29 Random tips for flying with children
Flying with children can be a lot of fun. No seriously it can. It can also be stressful and filled with drama.
There are loads of travel with kids tips out there that will give you the basics. I’ve written about them myself, most recently in Parent’s guide to flying with a baby. However, these tips don’t always cover those random situations you come across, or the tip that you wish you had known before you left. Yes, some are common sense and others you might have read before, but whether it’s as simple as packing a bendy straw for that milk your kid wants to drink out of the carton, or booking the best seats for your family (it’s not where you think), we have you covered.
It’s all about attitude
1. Have a little faith. Trust that you CAN do this; you can hop in the car or on a plane to find adventure and explore new places as a family.
2. Getting out the door is the hardest step. Once you have the kids fed and dressed with their shoes on (why are the shoes the hardest part!?) you can go anywhere.
3. Try new things! Don’t be afraid to push the boundaries of what you think you can do with your kids just a little bit. They may surprise you!
4. You are a parent no matter where you go. Just because you are on vacation doesn’t mean you stop being a mom or dad. You have that job for life. Now it is up to you to decide what the backdrop of parenthood will be. Will you sit at home, or will you explore the Olympic peninsula and Eiffel Tower while enjoying cuddles and fending off tantrums? Personally I’d pick the latter.
6. Back up your photos. No seriously. Go do it right now. Save them on an external hard drive, cloud or somewhere other than your computer so you have an extra set. If your computer is lost or stolen while you are traveling, you will be very sad to see those images lost forever.
7. Make copies of your passport and credit cards before you travel. Leave one set in a safe place at home and take the other set with you. Don’t forget to stash the extra set you take with you in a different spot than the originals.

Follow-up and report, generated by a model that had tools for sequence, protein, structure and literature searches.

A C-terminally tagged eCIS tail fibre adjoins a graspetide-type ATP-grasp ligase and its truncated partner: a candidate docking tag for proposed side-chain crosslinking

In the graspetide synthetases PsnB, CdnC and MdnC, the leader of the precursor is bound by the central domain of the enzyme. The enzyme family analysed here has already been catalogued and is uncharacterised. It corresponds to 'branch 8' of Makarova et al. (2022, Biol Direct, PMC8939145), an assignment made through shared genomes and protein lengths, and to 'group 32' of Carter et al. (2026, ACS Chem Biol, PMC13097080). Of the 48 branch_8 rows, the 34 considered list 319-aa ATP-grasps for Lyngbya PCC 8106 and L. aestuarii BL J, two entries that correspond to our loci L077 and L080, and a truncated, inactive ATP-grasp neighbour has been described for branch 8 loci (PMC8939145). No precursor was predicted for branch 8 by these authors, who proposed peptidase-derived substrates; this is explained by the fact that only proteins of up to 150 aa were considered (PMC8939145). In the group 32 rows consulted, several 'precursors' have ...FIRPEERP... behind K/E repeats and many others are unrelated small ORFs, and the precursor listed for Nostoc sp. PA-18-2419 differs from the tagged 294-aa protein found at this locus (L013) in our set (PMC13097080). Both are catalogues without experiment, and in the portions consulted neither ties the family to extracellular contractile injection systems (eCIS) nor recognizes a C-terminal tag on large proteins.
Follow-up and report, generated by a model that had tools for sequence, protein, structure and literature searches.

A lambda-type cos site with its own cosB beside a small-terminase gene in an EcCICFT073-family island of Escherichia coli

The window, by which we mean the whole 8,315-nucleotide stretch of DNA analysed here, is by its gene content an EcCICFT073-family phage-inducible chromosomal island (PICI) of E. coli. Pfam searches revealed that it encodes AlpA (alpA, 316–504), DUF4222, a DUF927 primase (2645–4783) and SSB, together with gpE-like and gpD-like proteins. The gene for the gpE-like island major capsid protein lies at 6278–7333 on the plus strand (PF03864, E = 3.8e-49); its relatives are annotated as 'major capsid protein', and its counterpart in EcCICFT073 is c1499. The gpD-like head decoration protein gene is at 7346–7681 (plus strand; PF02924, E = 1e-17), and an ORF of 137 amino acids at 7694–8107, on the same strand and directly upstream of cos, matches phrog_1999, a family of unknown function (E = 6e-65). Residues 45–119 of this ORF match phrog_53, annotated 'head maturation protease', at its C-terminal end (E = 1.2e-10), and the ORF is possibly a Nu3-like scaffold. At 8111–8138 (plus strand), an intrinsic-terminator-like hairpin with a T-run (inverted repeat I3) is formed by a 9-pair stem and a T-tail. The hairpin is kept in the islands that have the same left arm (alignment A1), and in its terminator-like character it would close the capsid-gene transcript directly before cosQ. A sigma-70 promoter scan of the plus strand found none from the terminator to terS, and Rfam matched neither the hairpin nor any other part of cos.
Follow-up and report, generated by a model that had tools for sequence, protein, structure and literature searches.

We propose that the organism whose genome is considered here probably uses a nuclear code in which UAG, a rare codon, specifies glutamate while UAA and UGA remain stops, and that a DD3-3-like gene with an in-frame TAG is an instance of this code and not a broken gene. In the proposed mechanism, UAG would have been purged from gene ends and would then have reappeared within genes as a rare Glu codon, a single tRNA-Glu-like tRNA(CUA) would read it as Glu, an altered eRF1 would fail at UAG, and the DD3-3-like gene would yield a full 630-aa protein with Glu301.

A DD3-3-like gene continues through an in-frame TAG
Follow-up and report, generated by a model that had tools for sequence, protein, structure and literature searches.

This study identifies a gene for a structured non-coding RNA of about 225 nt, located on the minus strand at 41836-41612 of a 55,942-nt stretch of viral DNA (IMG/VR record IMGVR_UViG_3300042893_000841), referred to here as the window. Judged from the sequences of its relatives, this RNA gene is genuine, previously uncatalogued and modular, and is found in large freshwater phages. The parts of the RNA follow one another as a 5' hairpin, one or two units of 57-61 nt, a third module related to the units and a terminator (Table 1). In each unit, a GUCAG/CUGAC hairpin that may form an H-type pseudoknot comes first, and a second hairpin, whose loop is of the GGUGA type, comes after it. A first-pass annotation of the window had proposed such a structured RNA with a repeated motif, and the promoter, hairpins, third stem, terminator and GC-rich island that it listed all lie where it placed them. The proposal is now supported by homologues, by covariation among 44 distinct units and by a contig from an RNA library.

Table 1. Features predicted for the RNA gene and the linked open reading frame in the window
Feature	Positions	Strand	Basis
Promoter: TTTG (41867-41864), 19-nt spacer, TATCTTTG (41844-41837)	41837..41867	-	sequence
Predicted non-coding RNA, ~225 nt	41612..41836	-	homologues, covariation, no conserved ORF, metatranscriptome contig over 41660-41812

8. Let your credit card company and bank know you are traveling overseas before you head out so they don’t place a fraud alert on your account (Trust me. This just happened to us… again)
9. Get your passport and/or Nexus card. It may sound simple, but less than a third of Americans have a passport, which greatly limits where you can go and what deals you can take advantage of, especially those just north of the border in Canada.
10. If you love collecting local art, bring a flat medium size mailing box or a cardboard tube with you to transport your treasures home.
11. Pack at least one bendy straw when traveling with babies and toddlers to enjoy drinks on the go.
12. The 3-3-1 rule for liquids does not include medications, so that bottle of cough syrup or fever reducer for your little ones is fine in your carry-on bag. Just remember to take it out with your other liquids when going through security and check restrictions on countries you may be flying in and out of.
13. Don’t toss your packing list after your trip. Save a bit of time and stress by keeping an electronic version of your packing lists for next year’s vacation and make minor revisions as needed.
14. Keep small bills in your pocket. While a lot of luggage carrier stations accept credit cards, sometimes the card readers are out of order and you need a few bucks to get a cart, or to tip the curbside assistance service attendant. It’s worth it to avoid the stress of lugging your bags all over a large airport while keeping tabs on your family and the departure time.
15. Pack at least one book your child can stare at for hours, like a kid-friendly comic book.